On Law

December 3, 2002

January 14, 2003


Liability protection: ERP Coverage

If your law firm recently had its professional liability insurance canceled and is unable to secure a new policy with full prior acts coverage, you may be asking yourself, "What can I do?"

Many law firms faced with the prospect of the above scenario will be looking closely at the possibility of purchasing Extended Reporting Period coverage, otherwise known as an ERP. This evaluation is most prominent when a firm is canceled due to claims and cannot secure full prior acts coverage in the open market. Once an ERP is purchased, it allows the firm to evaluate the market without the need for prior acts coverage, making them a more desirable risk.

An ERP, which is also commonly referred to as a "tail" policy, gives the insured a right to report claims after a policy has expired or been cancelled. An ERP policy also may be a consideration if a firm dissolves or is acquired or merged with another firm.

In today's market, ERPs are typically purchased when the insured is canceled by its current carrier and does not purchase a new policy that will continue to insure the past acts of the firm and/or its predecessors. For example, if a firm dissolves, former lawyers of the now dissolved firm face the possibility of being sued for malpractice for years after the firm disbands -- even if the attorneys join new firms or practices. In most cases, when attorneys join new firms, they are provided no prior acts coverage for their past services unless this has been negotiated and is provided by their new firm's carrier. Although lawyer professional liability policies are claims-made policies, they normally only provide coverage for services rendered on behalf of the "named insured" or its predecessors and not for former firms not associated with the "named insured."

ERP policies are designed to provide attorneys with the necessary liability protection should a malpractice law suit be filed against them, even if they are unable to secure prior acts coverage with their new firm, or if they retire and therefore have not purchased a new policy. In layman's terms, ERP policies provide coverage to report any claims that may be filed against attorneys for their past services once the policy has expired or has been canceled and for a specific period of time. An ERP does not, however, increase or reinstate the existing or canceled policy's limit of liability; rather it is subject to the available remaining limits at the time it was purchased.

The duration of most policy forms ranges from 12 to 60 months, with pricing between 100 percent of the annual premium for a 12-month ERP to 250 percent for a 60-month ERP. In addition, some policy forms provide an unlimited ERP, allowing the insured to report claims that are filed against it indefinitely. This provision is very attractive for firms with unlimited statute exposure, such as estate planning firms. When researching ERP policies, it should be noted that some policies indicate that the price is determined in accordance with the insurer's rules and rates, which are in effect at the time the ERP is purchased. This type of policy clearly leaves the insured at the insurer's mercy, and therefore is the least advantageous.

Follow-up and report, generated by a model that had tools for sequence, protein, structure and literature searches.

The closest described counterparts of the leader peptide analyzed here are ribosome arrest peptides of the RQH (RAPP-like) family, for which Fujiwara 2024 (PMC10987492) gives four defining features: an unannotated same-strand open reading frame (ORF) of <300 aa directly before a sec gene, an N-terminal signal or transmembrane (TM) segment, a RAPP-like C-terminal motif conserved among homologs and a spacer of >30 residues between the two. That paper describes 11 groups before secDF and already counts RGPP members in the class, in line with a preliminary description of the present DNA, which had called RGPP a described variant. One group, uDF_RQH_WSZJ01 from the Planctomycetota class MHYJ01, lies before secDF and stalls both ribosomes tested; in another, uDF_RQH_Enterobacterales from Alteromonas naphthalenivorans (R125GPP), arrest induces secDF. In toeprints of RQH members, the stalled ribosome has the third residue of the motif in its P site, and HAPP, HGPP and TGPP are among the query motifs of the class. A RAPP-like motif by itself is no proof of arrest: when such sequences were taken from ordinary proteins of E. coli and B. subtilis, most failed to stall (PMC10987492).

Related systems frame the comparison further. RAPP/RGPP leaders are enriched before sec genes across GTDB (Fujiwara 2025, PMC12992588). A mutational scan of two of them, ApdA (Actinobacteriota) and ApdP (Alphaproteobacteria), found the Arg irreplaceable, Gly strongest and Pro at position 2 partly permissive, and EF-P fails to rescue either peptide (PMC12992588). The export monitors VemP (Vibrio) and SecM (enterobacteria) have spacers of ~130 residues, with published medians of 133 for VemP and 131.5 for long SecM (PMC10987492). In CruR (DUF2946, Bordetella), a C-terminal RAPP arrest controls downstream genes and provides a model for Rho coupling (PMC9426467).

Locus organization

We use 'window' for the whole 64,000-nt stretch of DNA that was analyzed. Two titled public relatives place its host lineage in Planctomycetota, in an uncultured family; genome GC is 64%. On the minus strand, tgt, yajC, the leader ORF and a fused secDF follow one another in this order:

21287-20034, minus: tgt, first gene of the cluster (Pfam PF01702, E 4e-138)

Some policies also provide a free unlimited tail for an individual of the "named insured" in the event he or she retires during the policy period, or in the event of death or disability. Most policies require, however, that to qualify for this benefit the individual be insured continuously by the insurance company for a period of time, typically five years.

Most policy forms provide the insured with the ability to purchase a tail in one of two ways. The first, which is known as a Two-Way Tail, allows the "named insured" to purchase a tail if the insurer or the "named insured" refuses to renew the policy. The other, a One-Way Tail, allows the insured to purchase a tail only in the event that cancellation or non-renewal is initiated by the insurer. A Two-Way Tail is considered to be more favorable due to its bilateral nature.

In addition, most policies allow an insured to purchase an ERP up to 30 days following non-renewal, expiration or cancellation of the policy. Other insurance carriers may require the insured to make the decision on or before the last day of the policy or within 10 days of that date. If a decision must be made before the end of the policy period, do not delay. Many carriers will not honor the ERP option if not exercised timely.

ERP provisions are often overlooked by law firms when securing professional liability insurance. Unfortunately, when you need to exercise an ERP due to the aforementioned examples, there is little room for negotiation. Therefore, take the time to review the ERP provision in your policy and consult with your insurance broker to determine how your firm will be impacted in the event you wish to secure one.

Ahern, RPLU, is president of Ahern Insurance Brokerage, an independently owned insurance brokerage firm specializing in professional liability insurance for the legal community. He can be contacted by e-mail at brian.ahern@sddt.com.

December 3, 2002

January 14, 2003